-The third mesh which runs even on my recent computer with Pixie (with a coughing Windows because of heavy memory consumption)
and with exorbitant time costs for modeling. (Air refuses to render the rib, because of wrong parameters, so there might be mistakes in it)
I have to admit, that i don't understand the argument about mixing up triangles and quads.
I agree with Moritz and George, that after the first step of the sds algorithm every non-quad should be subdivided into a couple of quads.
So when this would be the problem i assume that the renderer makes a mistake at this stage.
But till now i've only read about this algorithm, not implemented it.
I did the second remeshing to avoid interfering this problem with the creases with the result of a marginal improvement.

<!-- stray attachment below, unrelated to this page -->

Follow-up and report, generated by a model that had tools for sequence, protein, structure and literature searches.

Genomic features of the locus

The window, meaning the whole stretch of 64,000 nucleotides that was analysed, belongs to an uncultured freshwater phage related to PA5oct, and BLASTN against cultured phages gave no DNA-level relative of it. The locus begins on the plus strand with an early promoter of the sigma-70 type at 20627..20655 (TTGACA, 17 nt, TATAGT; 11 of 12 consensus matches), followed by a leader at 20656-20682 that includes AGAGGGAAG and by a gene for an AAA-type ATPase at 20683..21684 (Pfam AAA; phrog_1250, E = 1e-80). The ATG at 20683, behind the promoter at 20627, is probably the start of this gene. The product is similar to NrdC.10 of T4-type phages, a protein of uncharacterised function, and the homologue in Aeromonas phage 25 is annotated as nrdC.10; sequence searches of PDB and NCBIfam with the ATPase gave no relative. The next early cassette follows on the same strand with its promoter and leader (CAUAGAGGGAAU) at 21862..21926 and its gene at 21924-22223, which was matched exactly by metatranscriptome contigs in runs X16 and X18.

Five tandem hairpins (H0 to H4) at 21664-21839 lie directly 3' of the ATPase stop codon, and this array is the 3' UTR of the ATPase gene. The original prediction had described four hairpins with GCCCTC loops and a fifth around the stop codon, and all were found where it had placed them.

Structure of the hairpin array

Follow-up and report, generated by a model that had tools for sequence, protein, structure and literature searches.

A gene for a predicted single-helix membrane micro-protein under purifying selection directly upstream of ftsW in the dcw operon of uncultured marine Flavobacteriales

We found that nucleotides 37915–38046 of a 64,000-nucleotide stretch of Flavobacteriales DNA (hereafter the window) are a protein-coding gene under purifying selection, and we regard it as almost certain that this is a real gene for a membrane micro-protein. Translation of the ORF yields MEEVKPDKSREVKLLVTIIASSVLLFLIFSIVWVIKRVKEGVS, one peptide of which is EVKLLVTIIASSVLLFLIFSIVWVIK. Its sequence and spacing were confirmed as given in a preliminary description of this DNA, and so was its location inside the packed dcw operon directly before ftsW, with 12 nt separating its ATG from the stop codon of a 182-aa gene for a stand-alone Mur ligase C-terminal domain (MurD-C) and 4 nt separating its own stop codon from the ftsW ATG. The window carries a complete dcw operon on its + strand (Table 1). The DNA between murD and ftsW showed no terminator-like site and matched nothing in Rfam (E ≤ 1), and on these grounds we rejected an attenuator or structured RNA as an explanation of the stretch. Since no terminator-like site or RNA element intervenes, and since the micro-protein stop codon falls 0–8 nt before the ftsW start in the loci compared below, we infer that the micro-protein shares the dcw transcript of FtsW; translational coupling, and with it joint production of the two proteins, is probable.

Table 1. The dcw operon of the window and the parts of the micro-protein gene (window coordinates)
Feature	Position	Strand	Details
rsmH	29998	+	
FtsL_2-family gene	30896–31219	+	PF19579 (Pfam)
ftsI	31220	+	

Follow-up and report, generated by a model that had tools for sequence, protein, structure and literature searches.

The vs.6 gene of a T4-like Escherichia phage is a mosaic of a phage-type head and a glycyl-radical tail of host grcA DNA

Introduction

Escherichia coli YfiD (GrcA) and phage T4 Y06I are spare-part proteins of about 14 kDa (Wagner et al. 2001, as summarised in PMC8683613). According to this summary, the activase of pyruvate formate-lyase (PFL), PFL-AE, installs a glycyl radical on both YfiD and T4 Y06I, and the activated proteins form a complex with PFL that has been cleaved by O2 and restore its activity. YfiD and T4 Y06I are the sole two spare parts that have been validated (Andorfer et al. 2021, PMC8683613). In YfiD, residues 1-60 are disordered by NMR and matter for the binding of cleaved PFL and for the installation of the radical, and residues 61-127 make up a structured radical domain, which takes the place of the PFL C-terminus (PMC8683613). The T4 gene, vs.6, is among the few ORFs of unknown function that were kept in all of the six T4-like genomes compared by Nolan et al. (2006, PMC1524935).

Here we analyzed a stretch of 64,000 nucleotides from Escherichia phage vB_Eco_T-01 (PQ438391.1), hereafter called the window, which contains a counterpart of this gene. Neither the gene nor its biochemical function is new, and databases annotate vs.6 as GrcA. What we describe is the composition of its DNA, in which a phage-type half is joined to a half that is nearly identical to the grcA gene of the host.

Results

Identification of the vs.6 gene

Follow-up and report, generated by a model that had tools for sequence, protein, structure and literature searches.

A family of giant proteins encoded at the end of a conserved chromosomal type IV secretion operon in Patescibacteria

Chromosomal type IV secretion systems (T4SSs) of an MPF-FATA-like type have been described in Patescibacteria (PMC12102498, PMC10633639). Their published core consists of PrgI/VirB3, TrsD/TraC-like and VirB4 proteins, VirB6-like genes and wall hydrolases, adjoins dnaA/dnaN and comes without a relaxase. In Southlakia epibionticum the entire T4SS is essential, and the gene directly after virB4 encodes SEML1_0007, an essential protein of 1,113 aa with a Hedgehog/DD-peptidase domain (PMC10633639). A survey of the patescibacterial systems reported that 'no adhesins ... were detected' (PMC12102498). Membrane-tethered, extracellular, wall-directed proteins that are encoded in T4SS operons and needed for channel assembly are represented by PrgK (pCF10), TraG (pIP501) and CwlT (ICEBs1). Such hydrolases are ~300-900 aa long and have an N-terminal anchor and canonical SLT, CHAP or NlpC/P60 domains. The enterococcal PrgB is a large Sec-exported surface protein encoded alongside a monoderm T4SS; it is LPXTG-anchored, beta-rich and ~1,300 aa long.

One last thing:
i want to use every RIB-Renderer that is available for me.
The possibility to switch the engine depending on the situation is the biggest reason for me to use ribs.
It's not my intention to blame someone or some projects.
If i could help to solve such problems i'd be happy.
Now i need a rest, this weekend was a desaster.
have a nice day
Can it be, that 3Delight renders sds not 100% correct?
Maybe i forgot an Option/Attribute but i see some distracted edges in the pictures with the creased edges.
Thank you for the feedback on the subdivision surfaces. We are doing our best to make Pixie as easy to use as possible. That's why we can use your constructive feedback like this.
I think there is an easy solution to this problem. So stay tuned for Pixie 2.0.
Meanwhile, to recap; Pixie should work with quad/non quad subdivision meshes with tags and crease vertices/edges. If you have a mesh that fails to render correctly, send it over and we'll take a look. Keep in mind, however, that the outputs from Pixie/PrMan/3Delight may be slightly different due to the different subdivision rules. I'm doing my best to keep Pixie's subdivision consistent with PrMan's.